WA Opera premieres Noongar saga Koolbardi wer Wardong, by Gina Williams & Guy Ghouse, at His Majesty’s Theatre
Rarely does the end of a run feel truly like the start of something new, but Gina Williams AM has a way with inspiration.
While the Noongar artist and her musical collaborator Guy Ghouse have worked on her personal story in two Perth Festival shows — with more to come — this week with West Australian Opera they recreated a story for the ages, for all ages.
Koolbardi wer Wardong — Magpie and Crow — is a creation narrative that tells how humanity came to be divided through the jealousy and pride of two brothers.
Much as Cain and Abel in the biblical canon, one can hunt and the other cannot; and they fight with tragic results.
But far from black-letter lore, Williams and Ghouse tell the story with song, colour, light, movement and above all humour, aided and abetted by two rising stars, Jarrad Inman as Koolbardi and Jarred Wall as Wardong.
They are backed by the comic duo of Tyrone Brownley and Natasha Eldridge as Djidi Djidi and Miss Djidi Dhidi, who tease the action along like a Greek chorus — complete with masks.
From behind a scrim depicting tall forests of WA’s south, Williams looms as Ngaank Boodja (Mother Earth), radiant in presence, costume and voice, singing the motto of the story: “Pride comes before a Fall.”
Gentle jazz turns to lullaby as she and a chorus of barna — animals — played by a 10-strong Noongar chorus and scores of West Australian Young Voices marshalled by Perry Joyce and Katie How, with intricate movement choreographed by Olman Walley, bed down for the night.
A production team led by director Matt Reuben James Ward, with conductor Aaron Wyatt, set and costumes by Matt McVeigh and lighting by Mark Howett, ensures a visual feast of colour and whimsy, never stopping to change set as the action flows through.
Ghouse joins an erudite jazz band in the pit with WA Youth Orchestra musicians, providing a pastiche of style and genre orchestrated by Dr Chris Stone, with all the energy of Bran Nue Dae but in a timeless, transcendent setting.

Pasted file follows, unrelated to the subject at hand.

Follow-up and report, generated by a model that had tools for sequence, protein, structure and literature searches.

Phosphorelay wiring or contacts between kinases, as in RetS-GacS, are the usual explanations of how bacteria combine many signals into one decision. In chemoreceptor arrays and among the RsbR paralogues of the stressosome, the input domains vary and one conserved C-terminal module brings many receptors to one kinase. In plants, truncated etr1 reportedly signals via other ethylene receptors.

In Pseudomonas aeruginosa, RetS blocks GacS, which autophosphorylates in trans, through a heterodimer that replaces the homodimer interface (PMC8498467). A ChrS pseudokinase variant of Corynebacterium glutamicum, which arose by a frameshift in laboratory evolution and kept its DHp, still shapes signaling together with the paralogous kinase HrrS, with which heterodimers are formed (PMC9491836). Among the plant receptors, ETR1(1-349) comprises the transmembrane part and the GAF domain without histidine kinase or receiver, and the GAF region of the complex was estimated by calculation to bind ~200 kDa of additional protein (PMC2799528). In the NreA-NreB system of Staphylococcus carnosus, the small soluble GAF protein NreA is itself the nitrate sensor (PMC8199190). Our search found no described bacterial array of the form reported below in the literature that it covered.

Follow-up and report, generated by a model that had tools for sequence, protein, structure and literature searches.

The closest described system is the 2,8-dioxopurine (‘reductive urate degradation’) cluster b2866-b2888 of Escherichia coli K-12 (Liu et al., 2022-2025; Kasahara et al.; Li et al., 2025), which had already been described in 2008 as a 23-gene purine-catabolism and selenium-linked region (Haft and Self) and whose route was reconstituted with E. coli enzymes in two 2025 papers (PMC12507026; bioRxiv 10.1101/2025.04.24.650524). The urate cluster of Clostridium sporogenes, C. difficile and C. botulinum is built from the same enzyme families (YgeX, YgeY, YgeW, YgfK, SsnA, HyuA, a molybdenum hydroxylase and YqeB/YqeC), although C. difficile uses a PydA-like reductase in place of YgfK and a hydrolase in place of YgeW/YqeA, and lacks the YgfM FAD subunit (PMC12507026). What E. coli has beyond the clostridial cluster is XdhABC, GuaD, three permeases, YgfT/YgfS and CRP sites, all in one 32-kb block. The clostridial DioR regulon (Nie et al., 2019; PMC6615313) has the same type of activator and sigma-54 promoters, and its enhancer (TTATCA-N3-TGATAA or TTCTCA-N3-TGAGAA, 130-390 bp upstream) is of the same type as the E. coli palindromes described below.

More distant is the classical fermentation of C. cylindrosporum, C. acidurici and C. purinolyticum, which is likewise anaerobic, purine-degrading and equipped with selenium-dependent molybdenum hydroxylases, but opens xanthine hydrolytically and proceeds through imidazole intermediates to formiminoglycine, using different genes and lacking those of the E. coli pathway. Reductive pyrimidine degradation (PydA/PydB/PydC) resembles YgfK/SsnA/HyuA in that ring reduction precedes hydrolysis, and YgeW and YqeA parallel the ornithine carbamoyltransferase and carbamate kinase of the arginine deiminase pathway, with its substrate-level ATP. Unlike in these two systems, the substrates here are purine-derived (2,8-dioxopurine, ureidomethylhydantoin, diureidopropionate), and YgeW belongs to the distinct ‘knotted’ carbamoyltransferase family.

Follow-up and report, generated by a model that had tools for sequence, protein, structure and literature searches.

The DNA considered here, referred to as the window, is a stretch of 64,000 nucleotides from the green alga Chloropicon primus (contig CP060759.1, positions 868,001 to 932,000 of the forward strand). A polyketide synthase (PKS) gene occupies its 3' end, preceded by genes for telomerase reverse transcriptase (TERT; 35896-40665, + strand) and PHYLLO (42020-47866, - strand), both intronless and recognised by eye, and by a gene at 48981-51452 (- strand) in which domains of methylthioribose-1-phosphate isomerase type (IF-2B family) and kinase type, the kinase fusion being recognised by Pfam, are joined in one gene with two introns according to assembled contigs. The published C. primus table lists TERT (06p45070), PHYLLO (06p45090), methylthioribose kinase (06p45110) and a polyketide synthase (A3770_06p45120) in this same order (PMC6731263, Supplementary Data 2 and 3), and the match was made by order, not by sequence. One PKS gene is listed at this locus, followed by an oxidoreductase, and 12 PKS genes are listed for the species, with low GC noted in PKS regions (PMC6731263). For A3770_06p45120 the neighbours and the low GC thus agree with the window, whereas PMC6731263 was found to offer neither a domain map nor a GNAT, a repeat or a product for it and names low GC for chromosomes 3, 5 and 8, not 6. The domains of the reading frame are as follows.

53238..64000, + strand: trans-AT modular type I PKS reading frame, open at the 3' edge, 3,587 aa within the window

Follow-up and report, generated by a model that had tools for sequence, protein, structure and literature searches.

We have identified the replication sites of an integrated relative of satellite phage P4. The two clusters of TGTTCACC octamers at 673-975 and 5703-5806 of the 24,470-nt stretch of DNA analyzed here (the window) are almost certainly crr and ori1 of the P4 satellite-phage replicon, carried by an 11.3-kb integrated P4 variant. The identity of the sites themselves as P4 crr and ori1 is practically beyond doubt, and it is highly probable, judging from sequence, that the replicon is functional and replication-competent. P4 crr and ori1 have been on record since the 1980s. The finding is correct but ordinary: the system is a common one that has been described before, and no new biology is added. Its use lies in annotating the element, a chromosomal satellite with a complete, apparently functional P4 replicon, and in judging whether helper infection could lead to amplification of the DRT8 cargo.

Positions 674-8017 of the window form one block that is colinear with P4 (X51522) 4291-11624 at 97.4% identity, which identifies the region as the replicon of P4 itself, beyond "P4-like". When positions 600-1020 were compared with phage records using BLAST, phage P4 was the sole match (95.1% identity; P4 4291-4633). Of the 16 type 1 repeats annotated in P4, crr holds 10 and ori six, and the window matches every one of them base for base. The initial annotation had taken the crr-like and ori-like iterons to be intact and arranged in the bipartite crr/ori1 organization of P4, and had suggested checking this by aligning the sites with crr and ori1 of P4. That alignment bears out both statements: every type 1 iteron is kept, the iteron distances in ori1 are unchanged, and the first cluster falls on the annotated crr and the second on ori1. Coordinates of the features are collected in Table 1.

Williams is at the heart of the story, charming, coaxing and cajoling her creation, but the two boys give it limbs and flesh, preening like poppinjays in white lace and jabot.
Inman puts the cool in Koolbardi, bring all the pizzazz of a pop front man to a banquet scene where he taunts the mob, “Who’s too deadly,” and they gleefully respond, “You’re too deadly”.
The singing is in Noongar but the sense is also conveyed by English surtitles, just like European opera.
The Djidi Djidis’ response, “Look Out Now”, is Motown with a dash of slapstick, while Wardong’s reflection, “My good solid friend he has gone away”, is the soul of pathos and regret.
Stunning effects in the fallout send the brothers to a fiery fate from which they emerge transformed — not as a phoenix, but mottled and black; magpie and crow.
Mother Earth reprises the moral, “Pride before a Fall”, with longing in the greeting Williams uses in so many presentations: “Boorda” — speak/see you “Soon”.
The narrative ends in a return to the lullaby, all sleeping under Mother Earth’s watch, and the long tail of this exuberant celebration is a curtain call in character.
Except, at the last, artists broke the fourth wall to praise Williams and Ghouse, and she called out the future.
“This is our language and this is our love offering, and we’re so humble for all the love that’s been shown to us,” Williams said.
Then, with young son Tommy beside her, she issued a challenge and an invitation: “It’s not just a Noongar story, it’s a West Australian story, because we all call this place home.”
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